The first thing to know about the proposed budget for Colorado’s 2021-22 fiscal year is that it’s a whole lot bigger than anyone at the Statehouse had planned for. At $34.1 billion, it’s close to $4 billion fatter than what the state is spending in the current fiscal year.
The budget, which will take effect July 1, has been workshopped for five months by the bipartisan Joint Budget Committee and began wending its way through the Statehouse this week. On Thursday, the Senate weighed — and mostly rejected — dozens of amendments. It’ll pass the Senate on Friday and head to the House next week, then eventually to the governor’s desk.
Here’s a look at some of the most significant spending proposals in this year’s budget (the figures are subject to change in the coming days), which pays for every state department, and then some.
Department of Health Care Policy and Financing: $13.2 billion
This agency gets the biggest chunk of the budget every year, by far, as it houses Medicaid administration. Usually, Colorado splits the costs for the health care program that serves low-income adults with the federal government, but this year D.C. is kicking in a bit more — 56.2%.
Helen H. Richardson, The Denver PostThe hallways inside Adams City High School are readied for the arrival of students back to the classrooms with reminder signs to wear masks and decals on the floors for distancing at Adams City High School in Commerce City on Jan. 27, 2021.Department of Education: $5.8 billion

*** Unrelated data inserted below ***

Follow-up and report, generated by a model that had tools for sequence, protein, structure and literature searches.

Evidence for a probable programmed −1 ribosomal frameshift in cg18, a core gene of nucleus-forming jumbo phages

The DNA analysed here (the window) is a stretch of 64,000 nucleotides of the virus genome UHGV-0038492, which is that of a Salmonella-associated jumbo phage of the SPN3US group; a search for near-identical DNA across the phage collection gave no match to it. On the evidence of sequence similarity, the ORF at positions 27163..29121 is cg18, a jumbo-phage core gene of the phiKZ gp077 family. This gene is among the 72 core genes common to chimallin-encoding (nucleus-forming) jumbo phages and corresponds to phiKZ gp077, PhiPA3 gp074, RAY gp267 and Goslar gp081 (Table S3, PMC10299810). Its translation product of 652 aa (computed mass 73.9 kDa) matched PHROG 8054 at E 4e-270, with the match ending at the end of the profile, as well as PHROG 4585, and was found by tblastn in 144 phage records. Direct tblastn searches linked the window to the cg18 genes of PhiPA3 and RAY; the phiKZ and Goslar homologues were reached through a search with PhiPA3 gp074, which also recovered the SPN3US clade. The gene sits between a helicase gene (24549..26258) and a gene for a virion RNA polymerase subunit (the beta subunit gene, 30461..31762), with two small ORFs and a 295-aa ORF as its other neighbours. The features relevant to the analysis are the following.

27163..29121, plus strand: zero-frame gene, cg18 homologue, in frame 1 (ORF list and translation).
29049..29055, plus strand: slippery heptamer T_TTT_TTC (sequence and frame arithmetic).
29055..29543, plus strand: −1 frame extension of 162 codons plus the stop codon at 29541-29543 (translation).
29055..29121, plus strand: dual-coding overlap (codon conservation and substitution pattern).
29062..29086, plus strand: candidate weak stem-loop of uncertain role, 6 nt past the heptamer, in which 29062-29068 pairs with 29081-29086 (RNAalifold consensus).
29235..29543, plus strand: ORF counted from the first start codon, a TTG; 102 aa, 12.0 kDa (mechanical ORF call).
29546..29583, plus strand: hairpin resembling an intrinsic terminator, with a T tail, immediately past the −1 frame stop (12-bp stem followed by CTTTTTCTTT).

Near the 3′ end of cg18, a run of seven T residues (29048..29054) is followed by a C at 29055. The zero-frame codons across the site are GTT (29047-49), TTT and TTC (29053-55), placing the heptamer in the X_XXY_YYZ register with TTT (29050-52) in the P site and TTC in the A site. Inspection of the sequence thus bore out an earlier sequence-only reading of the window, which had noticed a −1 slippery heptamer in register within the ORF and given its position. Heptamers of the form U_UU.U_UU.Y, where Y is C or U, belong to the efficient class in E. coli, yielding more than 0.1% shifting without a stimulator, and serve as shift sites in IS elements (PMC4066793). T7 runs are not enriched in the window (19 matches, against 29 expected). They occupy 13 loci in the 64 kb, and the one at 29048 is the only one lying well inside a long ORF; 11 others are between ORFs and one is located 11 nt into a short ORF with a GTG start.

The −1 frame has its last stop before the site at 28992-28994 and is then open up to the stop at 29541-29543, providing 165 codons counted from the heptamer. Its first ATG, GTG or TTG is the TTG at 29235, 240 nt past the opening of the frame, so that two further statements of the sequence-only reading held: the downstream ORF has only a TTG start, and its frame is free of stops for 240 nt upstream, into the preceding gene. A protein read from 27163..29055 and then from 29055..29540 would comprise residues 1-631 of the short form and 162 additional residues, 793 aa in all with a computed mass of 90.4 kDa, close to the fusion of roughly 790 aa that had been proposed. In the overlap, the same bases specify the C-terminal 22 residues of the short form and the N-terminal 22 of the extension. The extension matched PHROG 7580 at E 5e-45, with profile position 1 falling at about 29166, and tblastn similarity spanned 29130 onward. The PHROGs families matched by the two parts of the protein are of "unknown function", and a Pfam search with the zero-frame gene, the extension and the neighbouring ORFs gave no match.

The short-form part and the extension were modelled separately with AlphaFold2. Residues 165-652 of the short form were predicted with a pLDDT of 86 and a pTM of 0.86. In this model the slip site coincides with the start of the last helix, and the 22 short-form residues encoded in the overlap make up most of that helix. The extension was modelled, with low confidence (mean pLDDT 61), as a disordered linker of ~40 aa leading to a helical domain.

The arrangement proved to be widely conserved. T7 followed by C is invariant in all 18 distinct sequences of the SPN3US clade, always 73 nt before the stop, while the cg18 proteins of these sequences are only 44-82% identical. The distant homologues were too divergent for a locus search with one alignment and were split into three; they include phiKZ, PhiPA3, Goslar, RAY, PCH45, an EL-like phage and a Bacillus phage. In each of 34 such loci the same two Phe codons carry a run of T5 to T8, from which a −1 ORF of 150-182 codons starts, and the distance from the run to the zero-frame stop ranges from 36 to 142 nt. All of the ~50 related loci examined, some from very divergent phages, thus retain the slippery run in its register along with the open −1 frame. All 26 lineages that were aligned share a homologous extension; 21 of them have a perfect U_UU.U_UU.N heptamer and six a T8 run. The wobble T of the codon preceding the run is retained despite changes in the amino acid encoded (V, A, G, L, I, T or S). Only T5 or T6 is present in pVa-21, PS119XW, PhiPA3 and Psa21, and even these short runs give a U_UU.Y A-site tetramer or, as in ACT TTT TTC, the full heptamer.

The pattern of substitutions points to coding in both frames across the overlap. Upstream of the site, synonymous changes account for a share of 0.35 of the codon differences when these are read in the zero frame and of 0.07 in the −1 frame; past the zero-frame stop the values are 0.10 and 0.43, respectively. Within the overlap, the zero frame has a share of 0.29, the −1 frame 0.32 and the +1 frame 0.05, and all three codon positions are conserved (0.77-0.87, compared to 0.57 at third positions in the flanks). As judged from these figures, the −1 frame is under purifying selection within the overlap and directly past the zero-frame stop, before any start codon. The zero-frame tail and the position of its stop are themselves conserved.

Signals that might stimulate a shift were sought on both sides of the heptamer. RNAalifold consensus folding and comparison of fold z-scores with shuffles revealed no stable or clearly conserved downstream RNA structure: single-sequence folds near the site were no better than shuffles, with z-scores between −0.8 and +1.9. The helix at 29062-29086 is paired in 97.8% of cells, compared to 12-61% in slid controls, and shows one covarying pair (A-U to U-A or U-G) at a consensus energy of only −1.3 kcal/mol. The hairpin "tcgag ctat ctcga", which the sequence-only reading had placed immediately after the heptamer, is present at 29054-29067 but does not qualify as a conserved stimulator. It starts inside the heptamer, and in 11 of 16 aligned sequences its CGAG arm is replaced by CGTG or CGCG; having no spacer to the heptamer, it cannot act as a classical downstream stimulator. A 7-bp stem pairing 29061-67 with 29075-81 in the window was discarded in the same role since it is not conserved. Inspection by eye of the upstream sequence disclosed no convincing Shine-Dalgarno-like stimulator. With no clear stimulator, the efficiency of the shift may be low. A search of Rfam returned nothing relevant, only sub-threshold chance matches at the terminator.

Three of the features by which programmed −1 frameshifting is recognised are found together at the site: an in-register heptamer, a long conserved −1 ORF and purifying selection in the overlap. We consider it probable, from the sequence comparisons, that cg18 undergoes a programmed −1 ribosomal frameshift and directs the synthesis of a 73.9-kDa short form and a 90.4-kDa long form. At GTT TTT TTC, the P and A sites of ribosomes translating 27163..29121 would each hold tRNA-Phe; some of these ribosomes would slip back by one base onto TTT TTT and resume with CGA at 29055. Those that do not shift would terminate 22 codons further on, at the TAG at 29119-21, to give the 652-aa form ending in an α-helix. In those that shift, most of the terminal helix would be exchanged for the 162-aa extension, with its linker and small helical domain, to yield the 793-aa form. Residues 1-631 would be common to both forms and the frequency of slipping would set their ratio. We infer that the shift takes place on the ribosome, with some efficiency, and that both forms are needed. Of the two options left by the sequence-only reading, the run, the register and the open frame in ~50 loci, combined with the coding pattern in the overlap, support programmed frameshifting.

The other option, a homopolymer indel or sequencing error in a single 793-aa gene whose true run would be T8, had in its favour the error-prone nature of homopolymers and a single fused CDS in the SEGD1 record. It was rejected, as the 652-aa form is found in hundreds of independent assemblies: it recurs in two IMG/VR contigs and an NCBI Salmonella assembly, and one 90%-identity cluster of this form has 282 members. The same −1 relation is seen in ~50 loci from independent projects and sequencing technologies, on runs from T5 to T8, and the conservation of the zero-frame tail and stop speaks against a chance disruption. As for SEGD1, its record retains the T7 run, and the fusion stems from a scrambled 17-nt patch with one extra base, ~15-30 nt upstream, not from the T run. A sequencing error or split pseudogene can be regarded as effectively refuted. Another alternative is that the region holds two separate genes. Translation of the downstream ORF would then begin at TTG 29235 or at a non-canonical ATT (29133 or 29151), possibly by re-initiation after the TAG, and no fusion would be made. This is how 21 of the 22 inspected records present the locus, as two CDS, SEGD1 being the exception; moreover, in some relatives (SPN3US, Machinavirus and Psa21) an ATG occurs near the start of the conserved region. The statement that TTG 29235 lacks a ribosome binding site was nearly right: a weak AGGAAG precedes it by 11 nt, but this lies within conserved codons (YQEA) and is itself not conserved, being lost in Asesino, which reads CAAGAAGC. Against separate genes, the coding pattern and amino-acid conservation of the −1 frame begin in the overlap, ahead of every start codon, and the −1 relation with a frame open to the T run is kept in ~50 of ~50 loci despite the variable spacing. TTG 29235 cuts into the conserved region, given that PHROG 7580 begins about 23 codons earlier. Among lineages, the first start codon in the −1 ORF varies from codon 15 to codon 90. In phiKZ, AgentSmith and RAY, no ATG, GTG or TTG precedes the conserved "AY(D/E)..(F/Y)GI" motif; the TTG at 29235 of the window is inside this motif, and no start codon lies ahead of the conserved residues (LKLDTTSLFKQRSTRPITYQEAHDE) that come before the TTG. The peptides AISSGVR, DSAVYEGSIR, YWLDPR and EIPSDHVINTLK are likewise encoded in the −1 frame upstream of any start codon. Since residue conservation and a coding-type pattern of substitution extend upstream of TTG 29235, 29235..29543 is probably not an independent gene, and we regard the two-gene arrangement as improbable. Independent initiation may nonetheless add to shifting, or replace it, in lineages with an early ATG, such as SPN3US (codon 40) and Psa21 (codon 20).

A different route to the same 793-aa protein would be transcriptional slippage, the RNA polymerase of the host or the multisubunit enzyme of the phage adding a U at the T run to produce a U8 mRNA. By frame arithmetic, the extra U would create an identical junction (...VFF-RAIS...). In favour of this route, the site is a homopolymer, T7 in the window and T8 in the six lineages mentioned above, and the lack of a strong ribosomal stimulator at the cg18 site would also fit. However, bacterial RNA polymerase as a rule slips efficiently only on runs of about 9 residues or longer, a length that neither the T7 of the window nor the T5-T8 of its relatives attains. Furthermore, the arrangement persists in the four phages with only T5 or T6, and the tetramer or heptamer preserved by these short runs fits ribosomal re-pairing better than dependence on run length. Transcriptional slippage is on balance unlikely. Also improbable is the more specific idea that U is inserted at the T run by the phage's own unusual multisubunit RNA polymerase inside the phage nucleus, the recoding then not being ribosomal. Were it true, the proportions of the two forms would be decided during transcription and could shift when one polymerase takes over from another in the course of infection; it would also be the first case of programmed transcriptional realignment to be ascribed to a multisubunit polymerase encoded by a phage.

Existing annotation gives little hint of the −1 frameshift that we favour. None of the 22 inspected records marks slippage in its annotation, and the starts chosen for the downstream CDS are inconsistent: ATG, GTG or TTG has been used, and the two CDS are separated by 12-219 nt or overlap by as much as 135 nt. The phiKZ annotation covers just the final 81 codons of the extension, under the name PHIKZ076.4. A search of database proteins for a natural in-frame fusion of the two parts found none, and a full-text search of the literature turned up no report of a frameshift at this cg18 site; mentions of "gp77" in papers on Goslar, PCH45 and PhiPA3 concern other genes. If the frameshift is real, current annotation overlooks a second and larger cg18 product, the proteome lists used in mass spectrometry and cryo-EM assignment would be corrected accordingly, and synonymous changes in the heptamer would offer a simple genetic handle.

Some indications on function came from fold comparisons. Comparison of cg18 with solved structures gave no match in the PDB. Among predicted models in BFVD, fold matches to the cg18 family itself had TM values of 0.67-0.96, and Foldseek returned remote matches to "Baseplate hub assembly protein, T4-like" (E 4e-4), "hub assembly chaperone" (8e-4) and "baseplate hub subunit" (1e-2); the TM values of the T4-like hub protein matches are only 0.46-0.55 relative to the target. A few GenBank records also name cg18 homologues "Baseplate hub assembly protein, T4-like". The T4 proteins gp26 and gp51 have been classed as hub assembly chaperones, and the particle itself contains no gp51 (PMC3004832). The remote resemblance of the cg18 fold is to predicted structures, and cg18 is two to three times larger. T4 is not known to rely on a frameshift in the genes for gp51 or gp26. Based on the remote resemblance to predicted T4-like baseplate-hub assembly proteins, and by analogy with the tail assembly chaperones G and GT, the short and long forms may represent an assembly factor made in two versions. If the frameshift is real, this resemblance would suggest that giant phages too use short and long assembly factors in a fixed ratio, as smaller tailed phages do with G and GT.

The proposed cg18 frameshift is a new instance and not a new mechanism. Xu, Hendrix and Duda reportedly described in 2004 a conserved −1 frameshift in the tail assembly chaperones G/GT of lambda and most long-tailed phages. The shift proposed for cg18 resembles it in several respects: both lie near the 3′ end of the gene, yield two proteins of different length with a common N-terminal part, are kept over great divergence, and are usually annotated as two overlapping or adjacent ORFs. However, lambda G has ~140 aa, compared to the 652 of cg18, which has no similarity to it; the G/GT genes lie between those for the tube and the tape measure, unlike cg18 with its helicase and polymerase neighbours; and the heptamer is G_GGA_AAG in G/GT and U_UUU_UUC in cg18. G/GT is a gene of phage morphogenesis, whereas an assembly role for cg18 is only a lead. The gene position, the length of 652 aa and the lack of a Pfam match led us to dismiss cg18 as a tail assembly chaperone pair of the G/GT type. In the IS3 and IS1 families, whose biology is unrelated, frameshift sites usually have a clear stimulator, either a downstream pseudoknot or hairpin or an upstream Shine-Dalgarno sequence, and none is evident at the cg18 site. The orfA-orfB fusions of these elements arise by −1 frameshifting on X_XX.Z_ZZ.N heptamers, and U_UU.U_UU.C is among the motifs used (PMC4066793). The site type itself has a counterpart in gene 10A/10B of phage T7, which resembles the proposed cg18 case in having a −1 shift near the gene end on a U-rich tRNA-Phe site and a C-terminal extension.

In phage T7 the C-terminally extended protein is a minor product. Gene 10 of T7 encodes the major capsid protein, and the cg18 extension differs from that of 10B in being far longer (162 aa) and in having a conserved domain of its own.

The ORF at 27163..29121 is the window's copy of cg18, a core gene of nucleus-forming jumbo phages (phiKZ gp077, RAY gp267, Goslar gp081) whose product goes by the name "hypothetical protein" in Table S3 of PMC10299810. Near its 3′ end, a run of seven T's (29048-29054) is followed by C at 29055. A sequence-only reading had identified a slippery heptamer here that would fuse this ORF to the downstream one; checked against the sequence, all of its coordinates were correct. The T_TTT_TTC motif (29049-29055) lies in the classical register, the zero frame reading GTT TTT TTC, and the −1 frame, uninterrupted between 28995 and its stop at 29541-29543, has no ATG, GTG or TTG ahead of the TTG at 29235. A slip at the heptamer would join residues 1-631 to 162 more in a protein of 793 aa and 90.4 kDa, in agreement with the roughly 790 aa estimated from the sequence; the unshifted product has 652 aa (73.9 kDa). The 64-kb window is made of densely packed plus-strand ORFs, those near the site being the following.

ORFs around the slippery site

The K-12 agency sees the most discretionary spending (that is, from the general fund) in the state. Between a $480 million contribution from the legislature and another $1 billion-plus coming from the Biden administration, lawmakers are planning for more per-pupil spending than they’ve been able to afford in a decade. The Senate also passed a bipartisan amendment to provide an extra 7% ($424) per student for those with the highest needs, such as blindness or traumatic brain injury.
Department of Higher Education: $5.05 billion
State-run colleges and universities were cut by a whopping 58% last year, though federal pandemic money offset that somewhat. But Colorado can’t count on that federal money to keep the higher education system afloat forever, so the budget proposes not only to restore last year’s cuts but also add another $100 million for first-generation students and those from underrepresented communities.
Department of Human Services: $2.4 billion
Among the significant spending increases planned for this agency: $910,000 for behavioral health services for children in crisis, $1 million for outreach to people eligible for federal food benefits and $2 million for school lunch funding.
AAron Ontiveroz, The Denver PostOlder Interstate 70, at left, overlooks the newly constructed underpass portion of the highway’s ongoing expansion project in Denver on Thursday, Feb. 18, 2021. The underpass, seen with jet fans above, will service both east and westbound traffic when opened at which point the current west and eastbound portion of I-70 will begin reconstruction for future eastbound only traffic. The portion aboveground will be landscaped …read more
Source:: The Denver Post – Politics
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